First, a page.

The Chicagoist will be launching later but in the meantime please enjoy our archives.

Let's All Go To The Lobby

By Scott Smith in Arts & Entertainment on Oct 13, 2005 2:15PM

2005_10_12_intermission.jpgWe’re at the halfway mark of the Chicago International Film Festival. If you’re not attending because you don’t know how to separate the good flicks from the crap flicks, then you’re just not trying. No matter how you like your movies—arty farty or just plain entertaining—there are plenty of ways to find movies to suit your tastes.

For arty farty, Michael Wilmington of the Chicago Tribune posts his daily picks here while Metromix intern Matt Pais gives his list of “regular guy” picks here.

Since he’s so involved in the fest itself, Roger Ebert isn’t writing daily about his personal favorites. (Hey, somebody has to give Susan Sarandon her lifetime achievement award). But he will be presenting Errol Morris’ Gates of Heaven tonight. Part of the Critic’s Choice category of festival films, Gates of Heaven is a 1980 documentary about the paraplegic owner of a pet cemetery. We know that doesn’t exactly scream “must see!” but would Ebert steer you wrong? Well, maybe.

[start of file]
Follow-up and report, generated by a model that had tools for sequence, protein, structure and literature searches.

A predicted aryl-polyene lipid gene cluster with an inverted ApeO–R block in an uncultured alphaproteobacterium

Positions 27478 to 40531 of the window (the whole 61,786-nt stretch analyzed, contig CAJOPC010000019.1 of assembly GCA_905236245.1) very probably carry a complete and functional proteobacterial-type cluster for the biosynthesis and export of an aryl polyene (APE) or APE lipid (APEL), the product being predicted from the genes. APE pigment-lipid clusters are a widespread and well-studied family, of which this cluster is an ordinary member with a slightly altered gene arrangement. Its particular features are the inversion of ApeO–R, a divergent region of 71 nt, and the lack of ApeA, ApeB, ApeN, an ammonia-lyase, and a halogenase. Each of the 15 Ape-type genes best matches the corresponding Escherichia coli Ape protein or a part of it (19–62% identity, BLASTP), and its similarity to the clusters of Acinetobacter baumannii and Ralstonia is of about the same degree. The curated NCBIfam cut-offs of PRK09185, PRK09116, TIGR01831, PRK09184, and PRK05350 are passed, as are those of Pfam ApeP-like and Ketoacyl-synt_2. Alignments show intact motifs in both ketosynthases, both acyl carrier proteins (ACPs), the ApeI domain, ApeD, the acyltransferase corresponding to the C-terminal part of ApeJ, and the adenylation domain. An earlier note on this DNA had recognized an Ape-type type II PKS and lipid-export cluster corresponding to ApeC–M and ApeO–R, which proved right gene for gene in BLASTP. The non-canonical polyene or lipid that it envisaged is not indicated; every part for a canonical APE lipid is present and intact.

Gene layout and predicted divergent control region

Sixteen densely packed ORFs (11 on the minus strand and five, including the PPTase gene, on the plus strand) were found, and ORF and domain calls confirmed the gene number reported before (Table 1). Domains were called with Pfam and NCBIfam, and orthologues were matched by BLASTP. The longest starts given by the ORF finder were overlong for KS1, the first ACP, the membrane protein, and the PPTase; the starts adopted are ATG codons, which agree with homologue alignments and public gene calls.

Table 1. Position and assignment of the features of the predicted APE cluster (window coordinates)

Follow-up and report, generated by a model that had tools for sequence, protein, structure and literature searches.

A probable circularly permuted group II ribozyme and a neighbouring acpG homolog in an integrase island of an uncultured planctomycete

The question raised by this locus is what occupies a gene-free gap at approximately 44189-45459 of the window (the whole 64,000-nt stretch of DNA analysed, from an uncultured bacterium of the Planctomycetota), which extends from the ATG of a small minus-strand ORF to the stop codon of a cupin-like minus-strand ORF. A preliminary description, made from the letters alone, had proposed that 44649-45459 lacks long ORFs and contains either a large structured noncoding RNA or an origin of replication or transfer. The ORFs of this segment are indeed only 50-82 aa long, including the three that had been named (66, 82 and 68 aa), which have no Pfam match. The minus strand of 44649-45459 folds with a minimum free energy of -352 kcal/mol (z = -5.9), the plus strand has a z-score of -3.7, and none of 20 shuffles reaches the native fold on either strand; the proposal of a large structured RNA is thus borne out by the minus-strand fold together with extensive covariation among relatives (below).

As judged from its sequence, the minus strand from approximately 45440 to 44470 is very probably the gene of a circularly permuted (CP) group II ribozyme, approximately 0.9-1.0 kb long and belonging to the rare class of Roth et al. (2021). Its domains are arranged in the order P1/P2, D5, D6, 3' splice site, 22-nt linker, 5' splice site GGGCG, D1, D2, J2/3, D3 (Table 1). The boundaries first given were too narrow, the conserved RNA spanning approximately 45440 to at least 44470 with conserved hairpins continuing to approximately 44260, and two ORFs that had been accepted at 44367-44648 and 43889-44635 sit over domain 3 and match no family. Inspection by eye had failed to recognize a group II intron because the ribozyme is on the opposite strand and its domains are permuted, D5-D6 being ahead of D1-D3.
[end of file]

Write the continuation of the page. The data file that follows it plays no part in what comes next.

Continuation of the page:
Since Ebert’s not writing about the fest, Jim DeRogatis picks up some of the slack with an impressive piece on Cameron Crowe and his film Elizabethtown. “But Chicagoist,” you say, “DeRo is a music writer!” Yes, dear reader, but Crowe writes movies the way musical artists compose albums. So DeRogatis’s sharp eye for themes serves him well as he explores some of the musical highlights of Crowe’s films and how the relative disappointment of Vanilla Sky helped pave the way for Elizabethtown, which opened this year’s fest.

Still on Chicagoist’s list of films to see this year: Unknown White Male, Night of the Living Dorks, The Trouble With Dee Dee (from Second City alum Mike Meiners) and Too Much Romance…It’s Time For Stuffed Peppers. We’ll admit our last pick made the list because it’s a candidate for Best Title Ever. But it’s directed by Lina Wertmüller and stars Sophia Loren and F. Murray Abraham so it’s practically begging to be seen all on its own.